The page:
Thaddeus: It's not so much a ritual but I generally find that writing's easier (and better) if I spend the night before thinking about the chapter/scene. Not specific lines or anything like that, just the general mood, the characters, what sort of impression I want to create.
Paul: What type of books do you like to read? Who are your favorite authors? Why?
Thaddeus: I almost always read fantasy and classical history, although occasionally I'll go off-piste. My favorite author for fantasy is probably Joe Abercrombie. I like moral ambiguity and gritty realism, and things don't get more morally grey and grim than Mr. Abercrombie's work. I couldn't pick a single favorite classical historian from the likes of Polybius, Livy, Thucydides etc.
Paul: If someone had the power to step into your creative mind what would they see?
Thaddeus: They'd probably feel like they'd fallen into Two-Face's mind. A lot of my world-building ideas (especially regarding history/mythology) are half-formed and fuzzy, whereas other ideas are extremely (maybe excessively) detailed. If it were a room, half would be cleaned and tidied thrice hourly and the other half would be as well-organized as an anarchist AGM.
Paul: Do you have a favorite character in each of your series, except for the lead? If so, which one and why?
Thaddeus: In Bane of Souls there are quite a few characters that were very fun to write but Captain Urquhart, the leader of the City Watch, was probably my favorite. He was a nice mixture of corruption, drunkenness, lust, and (occasionally) competence, and had some of the best lines.
Paul: How do you find the time to write?
Thaddeus: I don't have a schedule or anything like that. It's usually when I get a chance and feel relaxed enough. It's hard to write well if I know I only have 15 minutes free or if I'm stressed out. First thing in the morning and late at night are usually the best times for first drafts, because it's nice and quiet.
Paul: What is one thing you hope I do not tell the readers?
Thaddeus: My secret ambition to become King of England.
Paul: Do you plot your stories or do you just get an idea and run with it?
Thaddeus: I plot the main story fairly strictly but lots of minor aspects develop organically as I write. It's important to maintain a balance between dreadfully serious business and character development/light relief, I think, and getting the flow of a story right is something that I can only do when it's mostly done. I find it easy to plan a plotline, but the balance takes editing.
Paul: Do you do a lot of editing or do you find that as time goes on your writing is more fully-formed?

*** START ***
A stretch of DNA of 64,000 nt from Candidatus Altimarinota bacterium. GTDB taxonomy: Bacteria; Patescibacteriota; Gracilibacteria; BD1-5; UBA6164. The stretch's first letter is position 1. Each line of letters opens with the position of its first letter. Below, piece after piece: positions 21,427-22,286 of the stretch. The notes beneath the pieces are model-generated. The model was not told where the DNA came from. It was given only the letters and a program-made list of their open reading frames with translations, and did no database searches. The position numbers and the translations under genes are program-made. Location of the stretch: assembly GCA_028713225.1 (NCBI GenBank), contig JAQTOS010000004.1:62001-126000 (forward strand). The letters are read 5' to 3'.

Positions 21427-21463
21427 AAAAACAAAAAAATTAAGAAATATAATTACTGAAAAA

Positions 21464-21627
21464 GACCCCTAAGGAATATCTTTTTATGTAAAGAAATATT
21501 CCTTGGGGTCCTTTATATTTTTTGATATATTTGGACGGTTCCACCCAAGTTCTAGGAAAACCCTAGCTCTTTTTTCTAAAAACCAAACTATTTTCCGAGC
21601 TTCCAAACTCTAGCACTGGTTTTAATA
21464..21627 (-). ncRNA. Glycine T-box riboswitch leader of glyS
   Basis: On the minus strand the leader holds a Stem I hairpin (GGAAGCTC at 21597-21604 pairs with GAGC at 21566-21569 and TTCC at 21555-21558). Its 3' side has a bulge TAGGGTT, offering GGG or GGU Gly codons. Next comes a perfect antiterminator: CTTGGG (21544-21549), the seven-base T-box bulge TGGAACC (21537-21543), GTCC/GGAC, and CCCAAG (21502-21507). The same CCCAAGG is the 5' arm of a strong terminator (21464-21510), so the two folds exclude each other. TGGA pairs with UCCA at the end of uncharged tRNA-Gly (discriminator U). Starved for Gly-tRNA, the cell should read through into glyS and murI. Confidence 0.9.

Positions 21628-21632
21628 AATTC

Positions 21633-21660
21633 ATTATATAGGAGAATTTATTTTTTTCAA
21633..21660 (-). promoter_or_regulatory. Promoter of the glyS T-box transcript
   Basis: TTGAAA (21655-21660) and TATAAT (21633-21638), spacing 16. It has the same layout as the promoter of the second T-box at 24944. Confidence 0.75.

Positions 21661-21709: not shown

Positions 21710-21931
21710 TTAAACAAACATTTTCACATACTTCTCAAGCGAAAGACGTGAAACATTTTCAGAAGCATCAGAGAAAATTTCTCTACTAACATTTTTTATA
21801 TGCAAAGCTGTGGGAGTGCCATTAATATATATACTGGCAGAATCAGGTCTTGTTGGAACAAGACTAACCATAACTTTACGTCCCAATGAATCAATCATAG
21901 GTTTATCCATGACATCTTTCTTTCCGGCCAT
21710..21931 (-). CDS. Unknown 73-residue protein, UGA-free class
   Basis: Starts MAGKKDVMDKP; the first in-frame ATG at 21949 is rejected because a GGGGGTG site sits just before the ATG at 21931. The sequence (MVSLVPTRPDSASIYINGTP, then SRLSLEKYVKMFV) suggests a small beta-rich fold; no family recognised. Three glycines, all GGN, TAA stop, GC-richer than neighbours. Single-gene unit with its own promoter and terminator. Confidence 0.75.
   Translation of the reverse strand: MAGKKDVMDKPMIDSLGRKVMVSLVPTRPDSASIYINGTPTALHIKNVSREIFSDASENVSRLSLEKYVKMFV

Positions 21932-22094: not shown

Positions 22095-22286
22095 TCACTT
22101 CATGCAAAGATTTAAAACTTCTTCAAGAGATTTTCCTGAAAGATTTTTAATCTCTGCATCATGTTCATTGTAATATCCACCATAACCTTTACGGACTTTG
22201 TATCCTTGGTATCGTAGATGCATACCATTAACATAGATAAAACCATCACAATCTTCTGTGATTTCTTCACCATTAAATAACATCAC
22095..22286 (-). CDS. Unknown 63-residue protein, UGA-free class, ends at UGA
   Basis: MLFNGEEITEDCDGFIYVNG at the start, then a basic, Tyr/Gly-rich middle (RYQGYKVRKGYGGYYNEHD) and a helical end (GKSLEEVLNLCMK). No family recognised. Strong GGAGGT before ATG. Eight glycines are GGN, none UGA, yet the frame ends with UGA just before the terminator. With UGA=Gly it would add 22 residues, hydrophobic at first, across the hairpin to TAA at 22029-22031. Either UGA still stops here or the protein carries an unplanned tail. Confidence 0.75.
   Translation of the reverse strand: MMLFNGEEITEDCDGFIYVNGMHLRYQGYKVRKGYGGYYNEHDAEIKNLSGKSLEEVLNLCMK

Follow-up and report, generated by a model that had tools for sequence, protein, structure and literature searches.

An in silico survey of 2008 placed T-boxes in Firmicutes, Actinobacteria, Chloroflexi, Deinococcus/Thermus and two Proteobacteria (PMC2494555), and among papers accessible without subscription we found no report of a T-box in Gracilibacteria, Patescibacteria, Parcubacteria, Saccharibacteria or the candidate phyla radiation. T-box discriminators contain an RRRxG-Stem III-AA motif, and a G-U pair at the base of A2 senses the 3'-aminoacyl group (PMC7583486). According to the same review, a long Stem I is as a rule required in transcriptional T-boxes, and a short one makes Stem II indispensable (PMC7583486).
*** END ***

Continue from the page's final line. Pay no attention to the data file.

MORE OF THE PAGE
Thaddeus: Oh, I always have to do a ton of editing. First drafts tend to be concise (and riddled with continuity errors, although I've gotten a bit better on those) and need expanding simply to make the narrative cohesive. I'd guess this is unusual for an author, but I'm very inclined to brevity. So the book starts off smallish, then grows, and then the final redrafts are trimming off the bits that aren't needed or don't add much, and polishing off typos and the like.
Paul: Do you have to do much research for your stories?
Thaddeus: I write fantasy, so research is almost an optional extra, but I do some to try and get the character of a place right. Knowing the right names for pieces of armor, for example, or what kind of plants live in what kind of climate. It can also be pretty interesting and fun to do research. I found out the other day, whilst researching what dragon eggs might look like, that Komodo dragons are capable of parthenogenesis (meaning a lady dragon can produce viable eggs without needing a male dragon's involvement).
Thaddeus: It's called Bane of Souls and follows a young man called Horst. He's visiting the city of Highford with his uncle, and ends up getting conscripted by the city's mages (which is particularly unpleasant as his race considers magic to be abominable). At the same time, Highford is subject to a string of bloody murders, and the murderer has a penchant for killing off mages. Horst finds himself entangled in the killer's murderous plan, and… you'll have to read the book to find out what happens next.
Paul: Do you enter competitions? Are there any you would recommend?
Thaddeus: Not often, and I'm focused on my present project so I don't really have time right now. However, for speculative fiction writers without agents there is a Harper Voyager Open Door scheme, which runs until the 14th of this month which is well worth checking out:
Paul: What's your favorite/least favorite aspect of your writing life? Has anything surprised you?
Thaddeus: My favorite part is easy; it's when the book gets published and after months or years of hard work it's there for people to buy and (hopefully) enjoy. Least favorite is harder, because there are lots of things I'd rather not do but one doesn't especially stand out. Probably the final check to make sure there aren't any typos and that the text is properly formatted.
Paul: What do you do when you're not writing? Do you have any hobbies or party tricks?
Thaddeus: I'm quite into F1 and offer tips on it regularly. As for party tricks, I can do the lotus position without using my hands and I used to be able to watch someone cut a deck of cards and then cut it in exactly the same place (not tried that for years though).
Paul: Thank you, Thaddeus. I wish you every success for the future.
Thaddeus's Website: Thaddeus White
Thaddeus on Twitter: @MorrisF1
Thaddeus on Facebook: Unknown!
Thaddeus's latest book: Bane Of Souls (Amazon)
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